Filmmaker Spike Lee has triggered much commentary – both praise and derision – for his profane tirade against the gentrification of his native borough of Brooklyn, New York.
At its essence, Lee's message boiled down to this: so many middle-class and high-income (mostly white) outsiders have poured into formerly poor and working-class (mostly minority) neighborhoods in Brooklyn and other parts of New York that real estate prices have skyrocketed to the point that the old residents have been driven away. To Lee's dismay, this phenomenon has not only damaged the traditional character of these enclaves but also generated better police, fire and social services for the new, well-heeled members of these changing communities. Consequently, in less than one generation, the beloved “edgy” New York City of Lee's youth and adolescence has metamorphosed into a soulless replica of the suburban mall culture that he so loathes.
Despite Lee's hyperbole, overgeneralizations and gratuitous foul language, these observations are indisputable and reflect cold hard reality.
However, as Errol Louis persuasively indicated in a column in the Daily News, Lee's rant exposes him as a gross hypocrite. “This is a man who has made epic contributions to the phenomenon he finds so troubling,” Louis wrote. Indeed, Louis pointed out that after relentlessly marketing “Brooklyn” in his films, commercials and other media for years (making the borough seem “cool” and “artistic”), Lee eventually “cashed out” by selling his property in Fort Greene at a handsome profit, and then moved (gasp!) to the very rich, very white Upper East Side of Manhattan. Lee has since placed his East 63rd Street mansion on the market for a cool $32 million (double the price he paid for it just eight years ago).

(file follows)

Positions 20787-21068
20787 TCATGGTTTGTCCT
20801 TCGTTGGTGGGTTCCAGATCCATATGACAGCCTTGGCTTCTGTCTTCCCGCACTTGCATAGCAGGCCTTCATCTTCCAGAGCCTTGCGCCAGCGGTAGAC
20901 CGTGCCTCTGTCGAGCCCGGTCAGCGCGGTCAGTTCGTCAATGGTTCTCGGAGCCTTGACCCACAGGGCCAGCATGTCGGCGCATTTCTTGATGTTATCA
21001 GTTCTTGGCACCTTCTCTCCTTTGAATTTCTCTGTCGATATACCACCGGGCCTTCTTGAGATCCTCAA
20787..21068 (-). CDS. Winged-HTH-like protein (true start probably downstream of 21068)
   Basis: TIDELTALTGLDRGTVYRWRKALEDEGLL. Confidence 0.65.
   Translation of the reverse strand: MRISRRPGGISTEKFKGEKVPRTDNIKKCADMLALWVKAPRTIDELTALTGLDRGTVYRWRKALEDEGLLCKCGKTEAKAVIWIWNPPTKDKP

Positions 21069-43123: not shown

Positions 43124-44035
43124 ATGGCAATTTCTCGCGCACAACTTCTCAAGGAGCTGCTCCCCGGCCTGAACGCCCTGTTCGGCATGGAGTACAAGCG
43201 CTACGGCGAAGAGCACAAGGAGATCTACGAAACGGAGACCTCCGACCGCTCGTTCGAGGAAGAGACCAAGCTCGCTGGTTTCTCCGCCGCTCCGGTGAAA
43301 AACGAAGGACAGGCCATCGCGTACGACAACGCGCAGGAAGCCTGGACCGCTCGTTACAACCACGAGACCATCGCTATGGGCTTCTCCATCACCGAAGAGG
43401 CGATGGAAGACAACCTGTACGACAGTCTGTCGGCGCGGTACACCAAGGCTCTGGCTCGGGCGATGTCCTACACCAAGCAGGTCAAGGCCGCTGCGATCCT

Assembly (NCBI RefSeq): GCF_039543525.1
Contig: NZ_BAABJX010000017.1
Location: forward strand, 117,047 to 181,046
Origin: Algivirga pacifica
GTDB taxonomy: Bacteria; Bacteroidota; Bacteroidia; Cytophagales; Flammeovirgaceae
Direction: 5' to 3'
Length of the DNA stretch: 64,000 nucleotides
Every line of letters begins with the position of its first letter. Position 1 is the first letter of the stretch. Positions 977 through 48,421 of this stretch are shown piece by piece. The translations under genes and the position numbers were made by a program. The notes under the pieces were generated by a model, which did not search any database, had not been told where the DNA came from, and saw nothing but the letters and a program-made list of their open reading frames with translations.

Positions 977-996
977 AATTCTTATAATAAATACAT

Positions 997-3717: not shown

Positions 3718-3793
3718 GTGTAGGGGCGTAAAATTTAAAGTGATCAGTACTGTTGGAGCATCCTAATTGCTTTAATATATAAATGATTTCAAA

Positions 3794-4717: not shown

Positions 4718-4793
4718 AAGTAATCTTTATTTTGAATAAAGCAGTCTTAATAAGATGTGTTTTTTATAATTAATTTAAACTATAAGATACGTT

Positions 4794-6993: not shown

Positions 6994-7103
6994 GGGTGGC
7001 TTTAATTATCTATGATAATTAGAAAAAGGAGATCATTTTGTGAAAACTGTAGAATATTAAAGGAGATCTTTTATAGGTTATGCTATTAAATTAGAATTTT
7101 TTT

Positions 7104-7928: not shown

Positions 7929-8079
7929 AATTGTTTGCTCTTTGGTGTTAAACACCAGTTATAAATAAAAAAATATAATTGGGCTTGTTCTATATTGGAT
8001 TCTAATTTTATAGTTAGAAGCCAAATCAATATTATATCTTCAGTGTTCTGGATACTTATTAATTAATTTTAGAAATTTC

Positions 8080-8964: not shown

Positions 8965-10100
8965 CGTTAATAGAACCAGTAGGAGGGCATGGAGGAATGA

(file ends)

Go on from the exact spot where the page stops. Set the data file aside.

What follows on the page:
Still, Lee has a point. New York City has indeed lost its soul (but, of course, so has Lee himself).
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I have witnessed this phenomenal alteration first-hand. When I arrived in Gotham in 1989-1990, the metropolis seemed to be on the verge of collapse: The crack epidemic soared to its zenith; the city recorded 2,000 murders annually (about one every four hours); subways were dirty, dangerous and graffiti-covered; streets and parks were overrun with homeless people; and a recession wracked peoples' dreams.
New York City was also engulfed in racial turmoil as exemplified by the murder of a black teenager named Yusuf Hawkins by a gang of Italian-American thugs in Bensonhurst, Brooklyn -- the deadly culmination of the white working-classes' anger toward the influx of minorities into formerly all-white areas and the decline of a manufacturing-based economy. But Lee should know better than anyone else that this brutal, dark, challenging atmosphere is what inspired his art and served as the framework for his inflammatory rhetoric in the first place.